“Wave to grandma. Wave to grandma. Drive the car,” called out dance teacher Molly Maher, playfully describing each move.

Changes elsewhere

Changes also occurred at other grade levels. The superintendent restarted the elementary band program. All 230 fifth-graders now play in the band. Kelly received the 2012 VH1 Save The Music Foundation Award for her efforts to bring music back to schools. The cable TV music network paid for the instruments.

District officials say they want to increase enrollment so they can continue to improve course offerings and programs. Still, they know it will take time to change perceptions.

“Reputations die hard,” Ha­labi said.

Columbia Heights native Scott Ocel and his wife pulled their two daughters from a Columbia Heights elementary school and open enrolled in the Mounds View district a few years ago.

“I am fourth generation in the city. My kids would be fifth generation. Making the decision to move our kids out of district wasn’t easy or one we relished,” Ocel said.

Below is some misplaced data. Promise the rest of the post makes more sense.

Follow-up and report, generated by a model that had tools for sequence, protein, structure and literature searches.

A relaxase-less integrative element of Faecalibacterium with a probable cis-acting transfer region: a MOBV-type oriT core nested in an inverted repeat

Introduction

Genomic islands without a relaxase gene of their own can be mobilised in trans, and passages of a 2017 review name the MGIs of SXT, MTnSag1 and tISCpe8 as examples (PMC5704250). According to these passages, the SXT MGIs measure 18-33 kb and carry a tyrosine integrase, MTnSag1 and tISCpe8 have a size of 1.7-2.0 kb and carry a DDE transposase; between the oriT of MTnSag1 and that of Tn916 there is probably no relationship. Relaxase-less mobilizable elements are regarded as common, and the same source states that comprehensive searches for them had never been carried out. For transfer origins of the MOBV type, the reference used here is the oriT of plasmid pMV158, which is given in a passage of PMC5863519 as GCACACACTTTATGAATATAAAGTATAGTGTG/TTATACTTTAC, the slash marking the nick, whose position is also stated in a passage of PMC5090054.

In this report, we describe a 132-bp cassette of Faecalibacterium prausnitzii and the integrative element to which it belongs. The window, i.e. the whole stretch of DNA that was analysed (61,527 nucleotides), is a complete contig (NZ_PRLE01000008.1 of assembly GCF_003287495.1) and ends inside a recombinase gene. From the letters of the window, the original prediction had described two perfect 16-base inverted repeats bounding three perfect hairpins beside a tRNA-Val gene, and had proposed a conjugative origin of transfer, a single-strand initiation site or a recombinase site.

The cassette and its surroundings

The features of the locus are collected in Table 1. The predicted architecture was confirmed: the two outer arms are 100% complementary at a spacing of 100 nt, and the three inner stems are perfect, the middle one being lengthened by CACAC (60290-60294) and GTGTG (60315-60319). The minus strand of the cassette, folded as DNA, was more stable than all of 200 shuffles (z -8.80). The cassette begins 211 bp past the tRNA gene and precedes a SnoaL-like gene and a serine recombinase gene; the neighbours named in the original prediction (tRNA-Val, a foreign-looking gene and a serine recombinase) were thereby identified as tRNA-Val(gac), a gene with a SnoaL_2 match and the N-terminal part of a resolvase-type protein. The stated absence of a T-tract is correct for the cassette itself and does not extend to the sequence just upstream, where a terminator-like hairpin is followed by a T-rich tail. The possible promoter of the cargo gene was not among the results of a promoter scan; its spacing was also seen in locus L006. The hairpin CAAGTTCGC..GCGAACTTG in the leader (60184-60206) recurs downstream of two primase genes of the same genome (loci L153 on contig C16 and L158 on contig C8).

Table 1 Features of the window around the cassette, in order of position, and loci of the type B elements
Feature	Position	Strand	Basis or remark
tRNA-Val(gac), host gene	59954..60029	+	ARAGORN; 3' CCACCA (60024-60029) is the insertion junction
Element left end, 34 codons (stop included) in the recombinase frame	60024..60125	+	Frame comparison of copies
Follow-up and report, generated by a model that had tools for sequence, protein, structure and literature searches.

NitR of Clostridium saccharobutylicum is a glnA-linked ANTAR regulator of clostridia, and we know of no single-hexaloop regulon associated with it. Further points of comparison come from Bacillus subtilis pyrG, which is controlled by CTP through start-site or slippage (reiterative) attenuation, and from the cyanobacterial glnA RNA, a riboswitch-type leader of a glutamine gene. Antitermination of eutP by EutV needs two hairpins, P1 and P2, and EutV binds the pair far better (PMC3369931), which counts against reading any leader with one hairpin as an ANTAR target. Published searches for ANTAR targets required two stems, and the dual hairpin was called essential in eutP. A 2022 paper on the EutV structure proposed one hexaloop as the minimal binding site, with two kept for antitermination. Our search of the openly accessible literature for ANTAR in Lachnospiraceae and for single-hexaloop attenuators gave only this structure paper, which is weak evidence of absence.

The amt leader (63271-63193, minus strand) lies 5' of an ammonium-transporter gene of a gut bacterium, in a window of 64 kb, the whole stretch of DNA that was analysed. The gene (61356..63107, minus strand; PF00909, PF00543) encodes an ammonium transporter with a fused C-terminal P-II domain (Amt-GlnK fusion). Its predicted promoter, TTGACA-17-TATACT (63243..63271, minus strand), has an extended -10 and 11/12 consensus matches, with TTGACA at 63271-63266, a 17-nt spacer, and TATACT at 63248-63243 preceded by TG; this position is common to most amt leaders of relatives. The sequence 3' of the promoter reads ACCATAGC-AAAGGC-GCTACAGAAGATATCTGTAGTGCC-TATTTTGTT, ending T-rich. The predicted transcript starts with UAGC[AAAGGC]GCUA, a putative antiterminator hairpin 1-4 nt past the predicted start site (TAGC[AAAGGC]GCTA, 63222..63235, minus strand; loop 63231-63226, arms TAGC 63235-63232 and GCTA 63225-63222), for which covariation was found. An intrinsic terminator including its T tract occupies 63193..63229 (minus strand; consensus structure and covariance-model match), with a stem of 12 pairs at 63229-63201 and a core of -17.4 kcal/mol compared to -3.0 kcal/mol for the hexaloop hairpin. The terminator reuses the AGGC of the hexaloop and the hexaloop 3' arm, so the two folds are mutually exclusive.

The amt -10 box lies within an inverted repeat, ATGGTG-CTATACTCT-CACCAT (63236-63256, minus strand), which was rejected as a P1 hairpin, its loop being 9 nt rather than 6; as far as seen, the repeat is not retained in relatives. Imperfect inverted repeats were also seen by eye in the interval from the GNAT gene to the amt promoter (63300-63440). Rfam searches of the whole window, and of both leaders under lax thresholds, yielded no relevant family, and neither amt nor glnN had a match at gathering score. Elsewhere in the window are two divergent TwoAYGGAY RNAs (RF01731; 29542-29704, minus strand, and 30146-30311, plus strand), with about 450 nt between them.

He worried that with the influx of Minneapolis students, the district was starting to skew more low-income. He said families in the middle get left behind.

“That takes a significant chunk of resources and moves the district in a different direction,” Ocel said. “So many resources are peeled away. Our kids in the middle just get passed along as long as they are performing at grade level.”

Still, it’s an uncomfortable subject, so the Ocels are not sure they’ll be filling out their survey.

“I think they feel the people who left the district are ­racists. That’s unfortunate,” Ocel said. “I am looking out of the best interest of my kids and the ­education they get, and it has nothing to do with who they are sitting next to.”

Now district officials are hoping the survey will help them identify these and other concerns and address them.